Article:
The Living Kitchen’s Farm Table Dinners bring the best tastes of the season to the table for a unique dining experience.
Sometimes the best meals are served not in a swanky restaurant but in a good friend’s home.
The Living Kitchen is no exception. Lisa Merrell (daughter of “The Tomato Man,” the late Darrell Merrell) and former Seattle chef Lisa “Bibi” Becklund created The Living Kitchen Farm and Garden in 2004, when they purchased a seven-acre farm in Bristow out of a desire for a simpler lifestyle.
Merrell recently left the farm to focus on sustaining her father’s eponymous plant business, while Becklund continues to run the farm. In addition to growing organic fruits and vegetables, she raises chickens, sheep and dairy goats, as well as a hearty crew of cats and dogs … and even Pascal the Llama, whose job involves keeping the coyotes at bay.
Becklund offers produce and dairy items from The Living Kitchen Farm and Garden at local farmers’ markets, but the glorious Farm Table Dinners, offered from spring through fall, draw the most attention.
The first thing I noticed when approaching the farm the night we visited last fall, in addition to the cock-a-doodle-dooing of the Rhode Island Reds, was a chalkboard stating “Idonapshe,” a Zuni word meaning “Let’s eat.” I could tell we were in for a treat. Merrell welcomed guests while Becklund fixed dinner — no small feat, as she had just one refrigerator and a four-burner range to cook for 24 people.
Upon arriving, guests were offered a refreshing spritzer, served in Mason jars, made from heirloom Hopi watermelon and homemade blueberry wine — the perfect aperitif to accompany us on our tour of the farm.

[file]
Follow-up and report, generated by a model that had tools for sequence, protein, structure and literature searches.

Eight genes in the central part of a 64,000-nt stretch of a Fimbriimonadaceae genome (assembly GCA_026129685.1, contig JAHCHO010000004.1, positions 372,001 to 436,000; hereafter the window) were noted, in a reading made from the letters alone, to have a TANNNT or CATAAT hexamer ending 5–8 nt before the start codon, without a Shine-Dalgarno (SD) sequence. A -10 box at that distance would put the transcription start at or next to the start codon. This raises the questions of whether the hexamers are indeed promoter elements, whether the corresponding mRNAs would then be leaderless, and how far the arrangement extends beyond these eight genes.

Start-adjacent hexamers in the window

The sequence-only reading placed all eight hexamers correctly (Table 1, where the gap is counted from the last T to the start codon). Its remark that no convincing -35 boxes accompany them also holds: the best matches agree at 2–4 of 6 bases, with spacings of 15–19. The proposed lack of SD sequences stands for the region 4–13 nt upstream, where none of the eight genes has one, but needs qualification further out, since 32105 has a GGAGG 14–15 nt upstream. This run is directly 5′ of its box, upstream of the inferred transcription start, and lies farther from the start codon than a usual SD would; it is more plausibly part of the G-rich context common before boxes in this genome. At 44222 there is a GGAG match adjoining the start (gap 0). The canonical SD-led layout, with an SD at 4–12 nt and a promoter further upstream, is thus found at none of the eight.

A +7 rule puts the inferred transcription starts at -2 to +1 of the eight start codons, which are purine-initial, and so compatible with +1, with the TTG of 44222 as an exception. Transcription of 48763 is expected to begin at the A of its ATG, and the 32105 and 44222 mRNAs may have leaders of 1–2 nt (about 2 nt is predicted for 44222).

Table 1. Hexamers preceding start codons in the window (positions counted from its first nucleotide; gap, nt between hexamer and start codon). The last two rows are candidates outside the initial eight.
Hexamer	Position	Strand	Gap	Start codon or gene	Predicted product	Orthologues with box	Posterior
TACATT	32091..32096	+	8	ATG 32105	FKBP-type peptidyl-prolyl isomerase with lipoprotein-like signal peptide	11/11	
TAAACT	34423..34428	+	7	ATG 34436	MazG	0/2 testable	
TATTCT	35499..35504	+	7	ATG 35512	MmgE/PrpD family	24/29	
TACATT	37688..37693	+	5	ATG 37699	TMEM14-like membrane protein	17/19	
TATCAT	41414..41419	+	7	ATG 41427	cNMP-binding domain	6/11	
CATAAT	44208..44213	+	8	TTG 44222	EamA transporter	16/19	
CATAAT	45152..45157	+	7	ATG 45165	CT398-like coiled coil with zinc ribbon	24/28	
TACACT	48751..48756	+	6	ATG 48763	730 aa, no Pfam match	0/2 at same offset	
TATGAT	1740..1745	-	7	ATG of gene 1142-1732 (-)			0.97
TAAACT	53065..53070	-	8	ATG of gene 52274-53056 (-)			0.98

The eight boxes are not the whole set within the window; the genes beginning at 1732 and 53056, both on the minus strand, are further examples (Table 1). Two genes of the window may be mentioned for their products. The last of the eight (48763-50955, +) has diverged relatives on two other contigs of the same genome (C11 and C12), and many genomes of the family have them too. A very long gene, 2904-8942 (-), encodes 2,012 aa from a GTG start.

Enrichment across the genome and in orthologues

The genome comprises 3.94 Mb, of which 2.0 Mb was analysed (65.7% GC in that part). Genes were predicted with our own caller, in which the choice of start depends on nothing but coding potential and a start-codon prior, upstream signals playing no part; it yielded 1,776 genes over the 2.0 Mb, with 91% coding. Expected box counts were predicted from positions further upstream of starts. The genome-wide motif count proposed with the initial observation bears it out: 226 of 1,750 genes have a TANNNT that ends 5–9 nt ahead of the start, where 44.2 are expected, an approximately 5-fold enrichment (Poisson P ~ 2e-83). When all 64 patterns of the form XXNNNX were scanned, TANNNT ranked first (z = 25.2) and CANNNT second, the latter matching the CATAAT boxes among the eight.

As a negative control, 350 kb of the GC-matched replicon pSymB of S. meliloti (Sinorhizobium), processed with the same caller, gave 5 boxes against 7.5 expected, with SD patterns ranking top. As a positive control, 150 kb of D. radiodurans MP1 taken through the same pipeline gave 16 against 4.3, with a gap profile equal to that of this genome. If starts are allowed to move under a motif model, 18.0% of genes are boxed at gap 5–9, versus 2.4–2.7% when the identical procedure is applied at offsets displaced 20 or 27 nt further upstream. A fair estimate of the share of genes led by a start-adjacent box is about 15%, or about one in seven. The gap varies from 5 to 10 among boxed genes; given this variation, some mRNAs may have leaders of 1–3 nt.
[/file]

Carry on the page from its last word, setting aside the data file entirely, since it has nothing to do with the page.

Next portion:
Merrell led us around the grounds, introducing us to the milking goats (Becklund rarely gets a day off anymore — the “girls” require milking 365 days a year!), the dogs, the cats, the sheep and the llama, and led us through the large garden, still brimming with late-harvest tomatoes and just-planted broccoli and cabbage. The chickens — an assortment of Rhode Island Reds, Delawares and Black Orpingtons — roam freely, laying eggs wherever they desire. I was dreaming of a pair, their bright golden yolks sunny-side up …
As the sun started to set, guests made their way into the house. Two dining areas were set to accommodate 24 people at two communal tables, decorated with warm earth tones, gourds and dried corn, reflective of the Native American cuisine featured that evening.
Becklund started dinner with a velvety winter squash soup (featuring Kirin, Seminole and Butternut varieties) topped with a pumpkin seed and matzo cake.
By the time the dishes had gone out to the tables, she had started on the next course. Guhitligi, a Cherokee salad of wilted wild greens, was accompanied by her homemade garlic chive goat cheese, served warm, encrusted with sunflower seeds and bacon.
A refreshing ice, made with Yerba Buena (a wild mint) and lime, served as the perfect palate cleanser between courses.
The main course, a sage-encrusted roasted pork shoulder, was fork tender, and stirred into a Chico (small dried corn kernels that have been roasted in an outdoor adobe oven) and Anasazi bean stew. Gorgeous Hen of the Woods mushrooms stood in for the pork as a vegetarian option.
Talk among guests started off shyly but rose to boisterous by the time we left, with new friends exchanging contact information. By the time dessert was served — a sweet corn ice cream with grape sauce and blue corn shortbread cookies — the atmosphere seemed more like a family dinner party than a room full of previously unfamiliar guests.
The Native American Dinner is only one of several offered throughout the spring and summer months, but it happens to be Becklund’s favorite.
“I love featuring foods of different nations using traditional methods,” she says. “The dinner is, in all honesty, a spiritual experience for me.”
And speaking on behalf of the guests that evening, it was for us as well. Nourishment for the soul as well as the tummy.
Editor’s note: In addition to the Farm Table Dinners, Becklund sells fresh-made plain and flavored chévre and feta ($8 for 8 ounces), in addition to fresh raw goat’s milk ($8 per gallon), sold in old-fashioned glass jars.